- Deep Brain Stimulation (DBS)
- Botulinum Toxin injections for the treatment of spasmodic torticollis, blepharospasm, focal dystonias, and spasticity
- Intrathecal baclofen pump therapy for the treatment of spasticity and dystonia
Intracranial ablations for selected patients that are surgical candidates but not appropriate for long-term stimulation
We participate in the most appropriate experimental protocols for the surgical and medical management of movement disorders. Surgical management consists of either DBS or an ablative procedure to treat PD, essential tremor and dystonia. Surgical procedures are performed by Dr. Robert Plunkett and Dr. Jonathan Riley, who specialize in stereotactic procedures.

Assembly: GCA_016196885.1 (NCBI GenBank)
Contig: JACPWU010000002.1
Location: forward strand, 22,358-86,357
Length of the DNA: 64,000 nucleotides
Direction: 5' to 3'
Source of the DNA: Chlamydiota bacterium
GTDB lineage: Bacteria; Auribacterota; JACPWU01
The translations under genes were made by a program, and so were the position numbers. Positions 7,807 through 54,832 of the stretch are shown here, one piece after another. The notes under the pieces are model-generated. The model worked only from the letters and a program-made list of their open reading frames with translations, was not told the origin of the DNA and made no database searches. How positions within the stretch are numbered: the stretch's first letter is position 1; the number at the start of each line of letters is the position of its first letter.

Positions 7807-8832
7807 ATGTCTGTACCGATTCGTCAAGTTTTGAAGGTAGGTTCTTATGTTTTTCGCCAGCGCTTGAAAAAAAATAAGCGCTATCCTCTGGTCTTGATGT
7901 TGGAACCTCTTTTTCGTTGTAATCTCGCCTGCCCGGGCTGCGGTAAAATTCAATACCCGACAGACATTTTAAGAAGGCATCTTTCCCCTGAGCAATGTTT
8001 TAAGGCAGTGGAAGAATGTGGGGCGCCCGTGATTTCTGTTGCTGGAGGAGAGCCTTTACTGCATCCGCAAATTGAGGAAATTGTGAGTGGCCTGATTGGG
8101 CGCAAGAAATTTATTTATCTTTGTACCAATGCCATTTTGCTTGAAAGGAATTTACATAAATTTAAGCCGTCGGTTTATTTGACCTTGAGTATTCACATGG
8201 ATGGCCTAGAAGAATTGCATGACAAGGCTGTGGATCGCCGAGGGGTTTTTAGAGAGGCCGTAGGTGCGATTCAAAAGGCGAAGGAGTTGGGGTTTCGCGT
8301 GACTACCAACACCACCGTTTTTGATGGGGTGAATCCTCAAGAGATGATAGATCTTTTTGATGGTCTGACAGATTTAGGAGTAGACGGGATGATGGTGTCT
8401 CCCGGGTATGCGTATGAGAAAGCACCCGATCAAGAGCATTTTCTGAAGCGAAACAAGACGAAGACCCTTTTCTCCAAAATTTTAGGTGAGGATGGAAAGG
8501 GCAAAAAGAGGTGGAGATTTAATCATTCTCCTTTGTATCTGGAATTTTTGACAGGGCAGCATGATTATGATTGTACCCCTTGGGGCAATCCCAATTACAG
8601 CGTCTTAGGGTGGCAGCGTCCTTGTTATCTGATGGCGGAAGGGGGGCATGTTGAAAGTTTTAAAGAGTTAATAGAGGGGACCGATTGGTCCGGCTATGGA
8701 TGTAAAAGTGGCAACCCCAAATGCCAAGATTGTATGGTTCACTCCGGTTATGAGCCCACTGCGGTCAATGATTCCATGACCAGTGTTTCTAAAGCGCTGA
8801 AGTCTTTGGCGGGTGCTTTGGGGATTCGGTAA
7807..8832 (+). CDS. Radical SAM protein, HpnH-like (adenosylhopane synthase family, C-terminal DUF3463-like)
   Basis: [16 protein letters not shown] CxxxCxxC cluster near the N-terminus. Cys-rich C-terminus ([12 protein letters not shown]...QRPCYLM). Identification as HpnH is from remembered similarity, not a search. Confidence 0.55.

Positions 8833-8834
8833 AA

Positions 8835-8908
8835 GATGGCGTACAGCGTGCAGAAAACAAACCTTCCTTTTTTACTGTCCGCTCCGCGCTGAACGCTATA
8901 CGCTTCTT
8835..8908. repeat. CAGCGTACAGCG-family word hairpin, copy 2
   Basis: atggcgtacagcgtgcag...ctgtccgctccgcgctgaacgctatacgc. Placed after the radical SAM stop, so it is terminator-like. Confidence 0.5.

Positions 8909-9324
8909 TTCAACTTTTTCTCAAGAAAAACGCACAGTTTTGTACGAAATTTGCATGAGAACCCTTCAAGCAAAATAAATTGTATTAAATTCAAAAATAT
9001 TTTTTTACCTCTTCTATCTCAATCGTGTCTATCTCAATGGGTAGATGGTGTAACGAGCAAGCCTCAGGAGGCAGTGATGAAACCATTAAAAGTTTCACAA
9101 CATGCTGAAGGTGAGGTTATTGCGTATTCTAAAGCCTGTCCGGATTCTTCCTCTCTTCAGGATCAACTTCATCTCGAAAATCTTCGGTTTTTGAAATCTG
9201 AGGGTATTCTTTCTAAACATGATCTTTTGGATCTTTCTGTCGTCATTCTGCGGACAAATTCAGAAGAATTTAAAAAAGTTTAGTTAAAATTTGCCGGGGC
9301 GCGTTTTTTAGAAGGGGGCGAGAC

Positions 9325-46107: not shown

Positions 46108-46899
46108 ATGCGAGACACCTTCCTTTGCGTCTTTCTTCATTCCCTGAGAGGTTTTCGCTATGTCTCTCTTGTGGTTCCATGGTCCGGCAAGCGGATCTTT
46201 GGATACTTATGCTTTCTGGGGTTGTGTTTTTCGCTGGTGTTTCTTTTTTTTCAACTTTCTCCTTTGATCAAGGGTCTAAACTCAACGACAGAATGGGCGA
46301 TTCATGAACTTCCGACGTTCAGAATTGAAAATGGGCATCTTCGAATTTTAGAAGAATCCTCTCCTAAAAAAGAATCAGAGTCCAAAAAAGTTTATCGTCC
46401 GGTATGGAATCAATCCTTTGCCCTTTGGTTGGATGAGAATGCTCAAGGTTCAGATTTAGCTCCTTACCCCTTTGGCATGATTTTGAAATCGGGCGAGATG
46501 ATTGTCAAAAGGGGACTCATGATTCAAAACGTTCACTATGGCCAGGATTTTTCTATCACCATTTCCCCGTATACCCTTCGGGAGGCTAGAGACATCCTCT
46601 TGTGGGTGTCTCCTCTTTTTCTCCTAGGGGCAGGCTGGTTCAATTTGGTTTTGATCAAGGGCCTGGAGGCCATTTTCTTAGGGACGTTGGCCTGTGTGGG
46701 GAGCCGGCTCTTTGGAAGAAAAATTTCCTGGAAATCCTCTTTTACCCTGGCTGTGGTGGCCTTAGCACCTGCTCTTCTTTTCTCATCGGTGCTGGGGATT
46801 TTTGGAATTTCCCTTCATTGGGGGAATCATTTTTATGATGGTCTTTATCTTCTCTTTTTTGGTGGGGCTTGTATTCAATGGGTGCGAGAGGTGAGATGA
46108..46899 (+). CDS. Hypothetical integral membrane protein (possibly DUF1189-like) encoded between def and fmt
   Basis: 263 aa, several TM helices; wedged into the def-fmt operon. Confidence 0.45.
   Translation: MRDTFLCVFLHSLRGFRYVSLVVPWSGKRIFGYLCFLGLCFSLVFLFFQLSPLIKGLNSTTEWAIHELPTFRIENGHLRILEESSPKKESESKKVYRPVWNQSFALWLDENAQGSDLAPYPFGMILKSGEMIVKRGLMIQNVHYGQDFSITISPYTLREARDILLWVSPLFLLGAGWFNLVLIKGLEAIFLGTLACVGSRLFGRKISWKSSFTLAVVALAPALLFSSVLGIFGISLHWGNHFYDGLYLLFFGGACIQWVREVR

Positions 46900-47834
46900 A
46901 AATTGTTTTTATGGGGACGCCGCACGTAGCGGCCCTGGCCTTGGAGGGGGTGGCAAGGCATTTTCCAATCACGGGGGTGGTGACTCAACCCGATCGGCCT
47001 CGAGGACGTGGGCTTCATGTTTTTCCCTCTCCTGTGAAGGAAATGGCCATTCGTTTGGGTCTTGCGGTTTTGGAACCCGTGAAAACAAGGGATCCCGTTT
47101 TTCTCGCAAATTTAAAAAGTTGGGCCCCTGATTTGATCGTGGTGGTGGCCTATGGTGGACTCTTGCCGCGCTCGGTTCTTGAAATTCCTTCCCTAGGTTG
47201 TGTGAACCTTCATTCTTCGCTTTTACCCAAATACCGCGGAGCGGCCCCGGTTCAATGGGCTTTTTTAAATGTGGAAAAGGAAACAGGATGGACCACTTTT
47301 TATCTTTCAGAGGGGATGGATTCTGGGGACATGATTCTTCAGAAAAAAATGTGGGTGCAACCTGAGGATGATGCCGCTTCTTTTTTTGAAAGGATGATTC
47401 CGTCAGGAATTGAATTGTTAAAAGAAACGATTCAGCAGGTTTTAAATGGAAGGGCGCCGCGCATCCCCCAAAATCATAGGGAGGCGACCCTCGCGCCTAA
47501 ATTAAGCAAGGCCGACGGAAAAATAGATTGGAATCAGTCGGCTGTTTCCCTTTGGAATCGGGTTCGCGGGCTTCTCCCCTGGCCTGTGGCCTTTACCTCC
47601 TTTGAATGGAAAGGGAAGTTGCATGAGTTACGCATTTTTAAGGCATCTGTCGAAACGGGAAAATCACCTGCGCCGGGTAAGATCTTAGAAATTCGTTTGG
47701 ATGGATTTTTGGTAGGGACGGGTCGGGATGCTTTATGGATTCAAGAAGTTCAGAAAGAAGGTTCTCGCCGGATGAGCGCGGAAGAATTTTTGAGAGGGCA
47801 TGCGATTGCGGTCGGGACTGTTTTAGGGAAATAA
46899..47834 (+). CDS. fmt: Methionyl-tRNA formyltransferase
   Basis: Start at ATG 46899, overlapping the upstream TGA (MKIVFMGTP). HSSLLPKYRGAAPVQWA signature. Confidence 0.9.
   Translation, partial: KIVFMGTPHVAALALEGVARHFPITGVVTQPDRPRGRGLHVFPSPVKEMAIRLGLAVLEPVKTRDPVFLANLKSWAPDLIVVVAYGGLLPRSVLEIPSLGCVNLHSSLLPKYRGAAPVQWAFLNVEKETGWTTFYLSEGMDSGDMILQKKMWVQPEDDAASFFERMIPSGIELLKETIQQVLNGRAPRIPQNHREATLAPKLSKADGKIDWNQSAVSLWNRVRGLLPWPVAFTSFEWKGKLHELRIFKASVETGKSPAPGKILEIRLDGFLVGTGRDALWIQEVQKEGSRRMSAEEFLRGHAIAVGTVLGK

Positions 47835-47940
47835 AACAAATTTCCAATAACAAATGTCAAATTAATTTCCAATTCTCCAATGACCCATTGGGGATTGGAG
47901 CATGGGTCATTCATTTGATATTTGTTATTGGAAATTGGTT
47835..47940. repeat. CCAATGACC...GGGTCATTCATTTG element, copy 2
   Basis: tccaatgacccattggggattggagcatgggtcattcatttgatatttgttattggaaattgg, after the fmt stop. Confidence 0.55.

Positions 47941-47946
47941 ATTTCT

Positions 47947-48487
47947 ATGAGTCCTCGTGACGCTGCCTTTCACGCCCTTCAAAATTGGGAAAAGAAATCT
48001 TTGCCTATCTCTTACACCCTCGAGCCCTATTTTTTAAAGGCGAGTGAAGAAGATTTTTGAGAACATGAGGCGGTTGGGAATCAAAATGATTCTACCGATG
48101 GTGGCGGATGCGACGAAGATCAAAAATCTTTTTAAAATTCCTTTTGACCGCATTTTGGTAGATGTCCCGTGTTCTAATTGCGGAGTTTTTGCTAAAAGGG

Our center provides comprehensive patient care that considers not just the physical, but also the mental and emotional needs of our patients and their families. We strive to address all patient concerns with respect, patience, compassion, and understanding.
What Sets Us Apart
Each member of the comprehensive movement disorders team is a trained professional with expertise and passion for treating Parkinson’s disease and other chronic movement disorders. We treat the entire course of Parkinson’s, and take pride in the level of care we offer for early, middle, and advanced stages of the disease.